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Using Azure AD conditional access for tighter security
The cloud-based identity and access management service does not come with certain defensive features turned on by default, which administrators should rectify.
As is standard with technologies in the cloud, the features in Azure Active Directory are on the move.
The Azure version of Active Directory differs from its on-premises version in many ways, including its exposure to the internet. There are ways to protect your environment and be safe, but that's not the case by default. Here are two changes you should make to protect your Azure AD environment.
Block legacy authentication
Modern authentication is Microsoft's term for a set of rules and requirements on how systems can communicate and authenticate with Azure AD. This requirement is put in place for several security benefits, but it's also not enforced by default on an Azure AD tenant.
Legacy authentication is used for many types of attacks against Azure AD-based accounts. If you block legacy authentication, then you will block those attacks, but there's a chance you'll prevent users trying to perform legitimate tasks.
This is where Azure AD conditional access can help. Instead of a simple off switch for legacy authentication, you can create one or more policies -- a set of rules -- that dictate what is and isn't allowed under certain scenarios.
You can start by creating an Azure AD conditional access policy that requires modern authentication or it blocks the sign-in attempt. Microsoft recently added a "report only" option to conditional access policies, which is highly recommended to use and leave on a few days after deployment. This will show you the users still using legacy authentication that you need to remediate before you enforce the policy for real. This helps to ensure you don't stop users from doing their jobs.
However, this change will severely limit mobile phone email applications. The only ones officially supported with modern authentication are Outlook for iOS and Android, and Apple iOS Mail.
Implement multifactor authentication
This sounds like an obvious one, but there are many ways to do multifactor authentication (MFA). Your Microsoft licensing is one of the factors that dictates your choices. The good news is that options are available to all licensing tiers -- including the free one -- but the most flexible options come from Azure AD Premium P1 and P2.
With those paid plans, conditional access rules can be a lot nicer than just forcing MFA all the time. For example, you might not require MFA if the user accesses a Microsoft service from an IP address at your office or if the device is Azure AD-joined. You might prefer that both of those scenarios are requirements to avoid MFA while other situations, such as a user seeking access on a PC not owned by the company, will prompt for extra authentication.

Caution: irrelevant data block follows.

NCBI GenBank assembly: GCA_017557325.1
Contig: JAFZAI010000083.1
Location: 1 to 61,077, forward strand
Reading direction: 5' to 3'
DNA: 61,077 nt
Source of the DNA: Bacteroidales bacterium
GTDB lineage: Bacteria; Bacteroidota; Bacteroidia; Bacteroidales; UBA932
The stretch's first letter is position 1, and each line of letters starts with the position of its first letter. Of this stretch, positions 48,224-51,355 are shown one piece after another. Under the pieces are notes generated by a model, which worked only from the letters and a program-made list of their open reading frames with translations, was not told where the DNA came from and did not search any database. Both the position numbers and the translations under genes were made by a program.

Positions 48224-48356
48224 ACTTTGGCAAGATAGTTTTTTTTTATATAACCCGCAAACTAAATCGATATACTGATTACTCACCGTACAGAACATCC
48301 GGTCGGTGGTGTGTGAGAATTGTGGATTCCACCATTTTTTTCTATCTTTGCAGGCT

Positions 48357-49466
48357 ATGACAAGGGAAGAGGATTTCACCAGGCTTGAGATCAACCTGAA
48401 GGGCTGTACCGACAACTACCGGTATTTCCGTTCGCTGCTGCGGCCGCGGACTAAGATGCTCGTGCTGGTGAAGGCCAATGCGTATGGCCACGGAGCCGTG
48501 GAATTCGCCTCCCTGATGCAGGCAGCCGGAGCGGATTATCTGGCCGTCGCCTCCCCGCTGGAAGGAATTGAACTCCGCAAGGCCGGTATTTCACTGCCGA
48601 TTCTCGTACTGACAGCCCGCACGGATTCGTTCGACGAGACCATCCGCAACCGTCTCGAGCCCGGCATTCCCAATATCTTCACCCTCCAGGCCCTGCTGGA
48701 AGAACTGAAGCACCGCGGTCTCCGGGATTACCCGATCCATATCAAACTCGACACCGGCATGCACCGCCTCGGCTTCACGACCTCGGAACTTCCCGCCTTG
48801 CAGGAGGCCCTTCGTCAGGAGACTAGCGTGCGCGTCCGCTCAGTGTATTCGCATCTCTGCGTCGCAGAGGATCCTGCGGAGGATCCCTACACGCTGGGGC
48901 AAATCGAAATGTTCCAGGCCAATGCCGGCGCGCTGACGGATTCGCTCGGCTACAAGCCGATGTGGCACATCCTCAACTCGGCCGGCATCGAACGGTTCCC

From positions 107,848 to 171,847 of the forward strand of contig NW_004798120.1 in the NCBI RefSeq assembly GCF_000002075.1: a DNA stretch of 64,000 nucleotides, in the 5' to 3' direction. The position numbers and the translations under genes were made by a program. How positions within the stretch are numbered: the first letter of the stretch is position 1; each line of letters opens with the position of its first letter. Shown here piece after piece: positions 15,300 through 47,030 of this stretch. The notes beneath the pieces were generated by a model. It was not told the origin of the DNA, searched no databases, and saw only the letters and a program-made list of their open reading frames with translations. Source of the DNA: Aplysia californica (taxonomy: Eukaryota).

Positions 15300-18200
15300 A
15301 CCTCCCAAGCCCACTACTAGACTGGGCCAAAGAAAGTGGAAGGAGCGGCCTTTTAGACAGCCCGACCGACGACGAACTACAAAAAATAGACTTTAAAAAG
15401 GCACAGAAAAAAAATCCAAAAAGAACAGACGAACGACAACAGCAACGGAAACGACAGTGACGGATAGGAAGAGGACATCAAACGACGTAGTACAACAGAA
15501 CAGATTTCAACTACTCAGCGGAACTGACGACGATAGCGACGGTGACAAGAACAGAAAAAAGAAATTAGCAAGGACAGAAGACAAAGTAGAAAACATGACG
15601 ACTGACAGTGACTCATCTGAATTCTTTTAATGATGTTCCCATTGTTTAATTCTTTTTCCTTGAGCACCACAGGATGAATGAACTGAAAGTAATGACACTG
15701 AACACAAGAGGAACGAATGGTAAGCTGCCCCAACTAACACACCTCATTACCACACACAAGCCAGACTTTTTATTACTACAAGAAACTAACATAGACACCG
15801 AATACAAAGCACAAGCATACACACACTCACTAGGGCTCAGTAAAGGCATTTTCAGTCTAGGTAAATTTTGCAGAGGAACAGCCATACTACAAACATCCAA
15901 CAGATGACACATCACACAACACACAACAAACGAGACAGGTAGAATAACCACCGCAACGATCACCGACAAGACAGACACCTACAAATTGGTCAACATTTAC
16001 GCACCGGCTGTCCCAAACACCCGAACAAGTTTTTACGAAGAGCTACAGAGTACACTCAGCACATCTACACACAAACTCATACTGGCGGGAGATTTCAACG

MFA doesn't have to just be SMS-based authentication. Microsoft's Authenticator App might take a few more steps for someone to set up the first time they register, but it's much easier to just accept a pop-up on your mobile device as a second factor of authorization, rather than waiting for an SMS, reading the six-digit number, then typing it into your PC.
Without MFA, you're running a high risk of having an internet-exposed authentication system that attackers can easily try leaked credentials or use spray attacks until they hit a successful login with a username and password.
The other common attack is credential phishing. This can be particularly successful when the threat actor uses a compromised account to send out phishing emails to the person's contacts or use fake forms to get the contact's credentials, too. This would be mostly harmless if the victim's account required MFA.
Accounts in Azure AD will lock out after 10 failed attempts without MFA, but only for a minute, then gradually increase the time after further failure attempts. This is a good way to slow down the attackers, and it's also smart enough to only block the attacker and keep your user working away. But the attacker can just move onto the next account and come back to the previous account at a later time, eventually hitting a correct password.
Azure AD conditional access changes are coming
The above recommendations can be enabled by four conditional access baseline policies, which should be visible in all Azure AD tenants (still in preview), but it appears these are being removed in the future.
The policies will be replaced by a single option called Security Defaults, found under the Manage > Properties section of Azure AD. The baseline policies helped you be a bit more granular about what security you wanted and the enablement of each feature. To keep that flexibility, you'll need Azure AD Premium once these baseline policies go.
Turning on Security Defaults in your Azure AD tenant will:
- force administrators to use MFA;
- force privileged actions, such as using Azure PowerShell, to use MFA;
- force all users to register for MFA within 14 days; and
- block legacy authentication for all users.
I suspect the uptake wasn't enough, which is why Microsoft is moving to a single toggle option to enable these recommendations. I also hazard to guess that Microsoft will make this option on by default for new tenants in the future, but there's no need for you to wait. If you don't have these options on, you should be working on enabling them as soon as you can.